equiprimoridal in the sense that it is constitutionally concurrent with all other
modes of being-in-the-world, state-of-mind is but an existential attribute that
accompanies understanding. As an existential attribute accompanying the
understanding, it is ontologically distinct from the understanding, which is
the mode of Being-in that allows Dasein to develop propositional
statements of the kind that-p; meaning, discussions of mood and of Beingattuned are relevant for the existential analytic of Dasein, but only as ontical
descriptions of the existential attributes that accompany being-in-the-world,
not as ontologically significant for disclosure. Therefore, analyzing Daseins
state-of-mind is relevant existentially, but not directly epistemologically,
even if the prior has an indirect influence on the latter.
30 Heidegger, M. Being and Time. p. 171 Heidegger states, By reason of this
disclosedness, this entity (Dasein), together with the Being-there of the
world, is there for itself.
31 BT.V.28

While we have already discussed in brief the concept of facticity as one
ontological condition of the possibility of Worldhood, let us now turn our
discussion to facticity as it concerns understanding. Born into the world,
Dasein is thrown into a facticity, which entails a physical location,
temporality, and a world of signification that exists ecstatically. In order to
analyze Daseins thrownness into a specific location, which is a further
elaboration on the ontological constitution of the inhood [inheit] of Dasein
with specific emphasis on the existential constitution of the there,
Heidegger employs the term region. By region, Heidegger means
generally what we already understand the term region to mean, namely a
space, a physical location in which Dasein dwells, and it is only within a
determinate region that we encounter entities within-the-world. This is not
to say that were a Dasein to leave one region and go to another or to
compare the ontical properties of ontologically equivalent entities across
regions that propositional statements directed towards these entities would
become meaningless32; rather it is to say spatiality is a characteristic of the
insideness [Inwendigkeit] that is founded upon the worldhood of the world,
and equipment that is encountered ready-to-hand takes on the character of a
closeness that begins strictly as a proximal closeness. 33
When Heidegger uses the term closeness in BT III.C.22 it takes on a
variety of meanings, meanings that begin with Daseins proximity to entities

32 Heidegger claims that the readiness-to-hand which belongs to any region

beforehand has the character of inconspicuous familiarity.
33 Heidegger, M. Being and Time. p. 135.

encountered in the environment within regions, and quickly takes on a
different meaning when entities become equipment ready-to-hand forthe-sake-of the actualization of some possibility. The closeness of
equipment encountered in the environment, although primordially spatial,
takes on a closeness that cannot be measured in distance when it is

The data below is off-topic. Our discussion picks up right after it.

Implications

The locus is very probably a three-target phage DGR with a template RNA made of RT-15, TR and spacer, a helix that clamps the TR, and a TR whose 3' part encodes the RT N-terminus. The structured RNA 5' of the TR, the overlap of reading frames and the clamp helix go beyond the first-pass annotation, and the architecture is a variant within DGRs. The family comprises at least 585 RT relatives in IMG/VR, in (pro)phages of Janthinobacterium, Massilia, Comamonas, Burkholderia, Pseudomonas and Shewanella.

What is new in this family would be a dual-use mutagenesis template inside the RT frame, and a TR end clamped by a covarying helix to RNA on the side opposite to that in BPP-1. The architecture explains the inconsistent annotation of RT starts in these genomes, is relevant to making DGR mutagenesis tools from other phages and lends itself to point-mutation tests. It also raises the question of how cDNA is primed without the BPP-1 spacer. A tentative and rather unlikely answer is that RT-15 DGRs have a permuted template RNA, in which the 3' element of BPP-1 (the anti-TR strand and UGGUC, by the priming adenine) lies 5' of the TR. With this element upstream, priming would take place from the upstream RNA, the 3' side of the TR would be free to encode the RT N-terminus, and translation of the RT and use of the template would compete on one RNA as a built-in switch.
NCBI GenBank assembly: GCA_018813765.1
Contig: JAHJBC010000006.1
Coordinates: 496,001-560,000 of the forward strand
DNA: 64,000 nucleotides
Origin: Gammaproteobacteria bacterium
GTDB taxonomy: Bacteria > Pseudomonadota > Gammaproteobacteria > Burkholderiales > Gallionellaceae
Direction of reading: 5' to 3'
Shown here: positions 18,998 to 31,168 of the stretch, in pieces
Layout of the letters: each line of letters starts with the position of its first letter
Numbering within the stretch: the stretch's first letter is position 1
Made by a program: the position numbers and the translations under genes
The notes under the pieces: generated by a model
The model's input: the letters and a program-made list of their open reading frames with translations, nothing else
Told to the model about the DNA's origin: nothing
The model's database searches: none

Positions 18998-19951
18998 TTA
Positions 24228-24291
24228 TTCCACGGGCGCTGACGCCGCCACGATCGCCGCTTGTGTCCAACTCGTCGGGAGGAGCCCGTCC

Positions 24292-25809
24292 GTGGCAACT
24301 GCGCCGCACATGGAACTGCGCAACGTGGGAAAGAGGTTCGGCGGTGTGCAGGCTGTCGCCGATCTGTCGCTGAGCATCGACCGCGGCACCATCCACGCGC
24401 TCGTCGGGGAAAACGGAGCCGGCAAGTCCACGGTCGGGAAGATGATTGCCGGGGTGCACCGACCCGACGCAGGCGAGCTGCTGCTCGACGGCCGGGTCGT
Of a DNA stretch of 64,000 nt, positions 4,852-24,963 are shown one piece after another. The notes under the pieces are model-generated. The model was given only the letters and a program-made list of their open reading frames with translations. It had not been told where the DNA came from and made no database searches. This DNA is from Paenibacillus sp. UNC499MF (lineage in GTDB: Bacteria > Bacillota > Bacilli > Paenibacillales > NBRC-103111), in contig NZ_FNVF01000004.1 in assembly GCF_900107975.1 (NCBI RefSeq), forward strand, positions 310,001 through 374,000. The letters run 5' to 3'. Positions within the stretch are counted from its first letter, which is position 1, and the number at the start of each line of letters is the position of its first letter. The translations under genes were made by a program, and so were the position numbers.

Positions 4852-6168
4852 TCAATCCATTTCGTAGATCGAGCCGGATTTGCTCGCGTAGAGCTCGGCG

encountered ready-to-hand. The change in character of the closeness of
entities is a change in the ontologico-existential mode that is ascertained,
not immediately as a spatial concern, but derivatively as a change in the
ontologico-existential mode of comportment towards some possibility, and it
regulates itself34 as circumspection, calculation, manipulation, and using. A
region, which again begins as spatial, is derivatively the site at which
Daseins circumspective dealings with the world establish the possibility for
equipment to belong somewhere as equipment rather than simply as an
entity with a set of properties. The discovery of regions is co-determined
[mitbestimnt] by the totality of involvements, which means that readinessto-hand belongs to a region beforehand. And spatiality has its own unity
through the totality-of-involvements in-accordance-with-the-world
Readiness-to-hand as pre-ontological understanding is possible only
for a being which, in its Being, being is an issue. Understanding is selfprojective Being towards its ownmost potentiality-for-Being, with care acting
as Daseins essential mode of being-in-the-world. To say that Daseins

34 Heidegger, M. Being and Time. p. 135.

essential mode of being-in-the-world is care is to say that as Dasein projects
itself upon possibilities it navigates its world as Being-alongside tools that
are employed for-the-sake-of actualizing some possibility. Constitutively,
Dasein projects itself upon possibilities, which is to that as a self-projective
Being Dasein is always already ahead of itself as Being-ahead-of-itself, and
that the referential totality of significance, which is grounded first in being-inthe-world and then as Being-alongside entities within-the-world, is tied up in
the for-the-sake-of-which; Being-ahead-of-oneself is an existentialontological a priori for existentiell possibilities. Care, then, is also an
existential a priori, and in fact lies prior to any factical attitude, meaning that
as an existential a priori care also lies in every factical attitude, which also
means that the Being-ahead-of-oneself lies in every factical attitude. As
Dasein throws itself into existentiell possibilities, then, it confronts entities